High-Level Waste (HLW) Vitrification Facility

High-Level Waste (HLW) Vitrification Facility

The High-Level Waste (HLW) Vitrification FacilityThe Hanford Waste Treatment and Immobilization Plant, once fully operational, will include a High-Level Waste Facility.

In the HLW Facility, high-level waste will be mixed with glass-forming materials in two 90-ton melters and heated to 2,100 degrees Fahrenheit. The mixture will then be poured into stainless steel canisters that are approximately 2 feet in diameter, 14.5 feet tall and weigh more than 4 tons. When fully operational, the HLW Facility will produce an annual average of 480 canisters.

The full canisters will be temporarily stored at a canister storage facility in Hanford’s 200 Area. 

When complete, the HLW Facility will be 440 feet long and 275 feet wide, approximately the size of three football fields, and 95 feet, or six stories, high.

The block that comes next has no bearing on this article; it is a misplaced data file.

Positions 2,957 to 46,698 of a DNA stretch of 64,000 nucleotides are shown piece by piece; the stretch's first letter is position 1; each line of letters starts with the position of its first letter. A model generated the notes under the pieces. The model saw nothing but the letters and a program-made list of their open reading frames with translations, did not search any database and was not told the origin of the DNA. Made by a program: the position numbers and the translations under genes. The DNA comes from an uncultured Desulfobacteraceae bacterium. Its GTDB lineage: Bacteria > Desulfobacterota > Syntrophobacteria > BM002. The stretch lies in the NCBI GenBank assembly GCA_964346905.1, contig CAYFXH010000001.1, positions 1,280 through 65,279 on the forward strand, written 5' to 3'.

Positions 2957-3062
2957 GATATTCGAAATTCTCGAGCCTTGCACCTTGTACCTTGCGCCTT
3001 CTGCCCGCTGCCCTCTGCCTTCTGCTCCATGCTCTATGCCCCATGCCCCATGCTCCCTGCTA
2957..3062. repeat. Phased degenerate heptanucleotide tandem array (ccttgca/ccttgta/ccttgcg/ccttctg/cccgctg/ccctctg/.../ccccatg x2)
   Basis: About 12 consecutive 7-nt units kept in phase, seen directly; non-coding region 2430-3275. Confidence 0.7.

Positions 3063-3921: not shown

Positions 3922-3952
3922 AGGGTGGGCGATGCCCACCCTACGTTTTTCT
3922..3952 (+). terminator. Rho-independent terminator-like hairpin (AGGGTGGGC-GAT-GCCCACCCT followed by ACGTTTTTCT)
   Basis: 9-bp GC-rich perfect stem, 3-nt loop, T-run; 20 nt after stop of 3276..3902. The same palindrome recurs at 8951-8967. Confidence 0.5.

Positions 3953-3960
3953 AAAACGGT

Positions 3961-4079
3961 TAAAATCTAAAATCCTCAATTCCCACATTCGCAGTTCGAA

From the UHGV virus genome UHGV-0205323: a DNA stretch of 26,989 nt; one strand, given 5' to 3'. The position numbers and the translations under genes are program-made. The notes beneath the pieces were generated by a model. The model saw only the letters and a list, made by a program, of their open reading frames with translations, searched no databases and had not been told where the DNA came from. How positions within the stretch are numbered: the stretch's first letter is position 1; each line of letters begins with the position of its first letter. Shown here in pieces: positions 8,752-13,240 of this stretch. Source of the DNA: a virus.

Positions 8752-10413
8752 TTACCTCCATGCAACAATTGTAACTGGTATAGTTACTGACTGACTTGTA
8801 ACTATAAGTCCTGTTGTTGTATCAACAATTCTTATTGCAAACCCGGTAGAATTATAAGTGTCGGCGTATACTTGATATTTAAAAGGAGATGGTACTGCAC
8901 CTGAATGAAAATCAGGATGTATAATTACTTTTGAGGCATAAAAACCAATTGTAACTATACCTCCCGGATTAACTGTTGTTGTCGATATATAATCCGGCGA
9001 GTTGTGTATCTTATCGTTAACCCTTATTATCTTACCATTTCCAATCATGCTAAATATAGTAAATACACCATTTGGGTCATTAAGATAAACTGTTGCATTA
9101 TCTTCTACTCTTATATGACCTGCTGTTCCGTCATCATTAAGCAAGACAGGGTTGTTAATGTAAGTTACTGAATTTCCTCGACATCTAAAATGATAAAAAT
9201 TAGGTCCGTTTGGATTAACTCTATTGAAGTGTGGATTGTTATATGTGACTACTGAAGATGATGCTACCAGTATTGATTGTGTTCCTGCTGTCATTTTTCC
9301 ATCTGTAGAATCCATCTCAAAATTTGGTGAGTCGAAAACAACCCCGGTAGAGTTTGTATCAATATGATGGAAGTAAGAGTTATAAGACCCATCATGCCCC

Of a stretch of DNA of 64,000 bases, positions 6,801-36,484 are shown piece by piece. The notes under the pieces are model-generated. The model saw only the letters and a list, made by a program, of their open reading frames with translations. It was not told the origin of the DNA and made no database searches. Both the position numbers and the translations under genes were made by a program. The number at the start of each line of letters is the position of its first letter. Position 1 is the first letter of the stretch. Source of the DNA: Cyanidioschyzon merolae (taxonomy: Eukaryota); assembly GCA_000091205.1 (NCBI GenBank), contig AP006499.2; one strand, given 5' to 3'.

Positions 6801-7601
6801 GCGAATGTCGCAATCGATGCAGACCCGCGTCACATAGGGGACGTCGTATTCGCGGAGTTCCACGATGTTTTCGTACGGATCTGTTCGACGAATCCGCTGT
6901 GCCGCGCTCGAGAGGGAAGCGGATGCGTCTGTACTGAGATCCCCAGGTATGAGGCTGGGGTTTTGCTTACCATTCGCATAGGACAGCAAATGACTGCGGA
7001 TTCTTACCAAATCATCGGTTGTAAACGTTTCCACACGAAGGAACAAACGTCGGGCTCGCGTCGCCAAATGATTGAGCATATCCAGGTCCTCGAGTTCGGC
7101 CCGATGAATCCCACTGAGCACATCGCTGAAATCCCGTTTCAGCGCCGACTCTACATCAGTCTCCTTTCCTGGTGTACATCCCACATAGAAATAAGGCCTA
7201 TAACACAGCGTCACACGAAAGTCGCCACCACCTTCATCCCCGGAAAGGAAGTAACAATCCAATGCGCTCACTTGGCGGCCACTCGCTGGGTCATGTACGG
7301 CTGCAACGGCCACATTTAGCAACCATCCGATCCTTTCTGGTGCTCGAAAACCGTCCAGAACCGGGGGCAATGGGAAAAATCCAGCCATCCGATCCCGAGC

A Closer Look Inside the High-Level Waste Vitrification Facility


The Wet Cell for high-level waste vitrificationThe wet cell rests inside a facility black-cell area, behind steel-laced, high-strength concrete walls, and is inaccessible to workers. Once inside the High-Level Waste Facility, pretreated waste is transferred through shielded pipes into a series of melter preparation and feed vessels before reaching the melters.



The Melter Cell for High-Level Waste VitrificationThe facility contains two identical, remotely operated melter caves. Due to potential high levels of radioactivity in the caves, all operations and maintenance activities are performed using remote-handled large overhead cranes and manipulators. Each cave contains a series of complex utilities to support two high-level waste vitrification melters. The melters are supported by offgas cleaning systems that include a submerged bed scrubber vessel and two high-efficiency mist eliminators.



Production and Operations for High-Level WasteTwo identical 90-ton melters, each 14 feet by 14 feet and 11 feet high, will produce a sturdy glass product that consists of about 30 percent waste and 70 percent additives. The facility will annually produce an average of 480 canisters.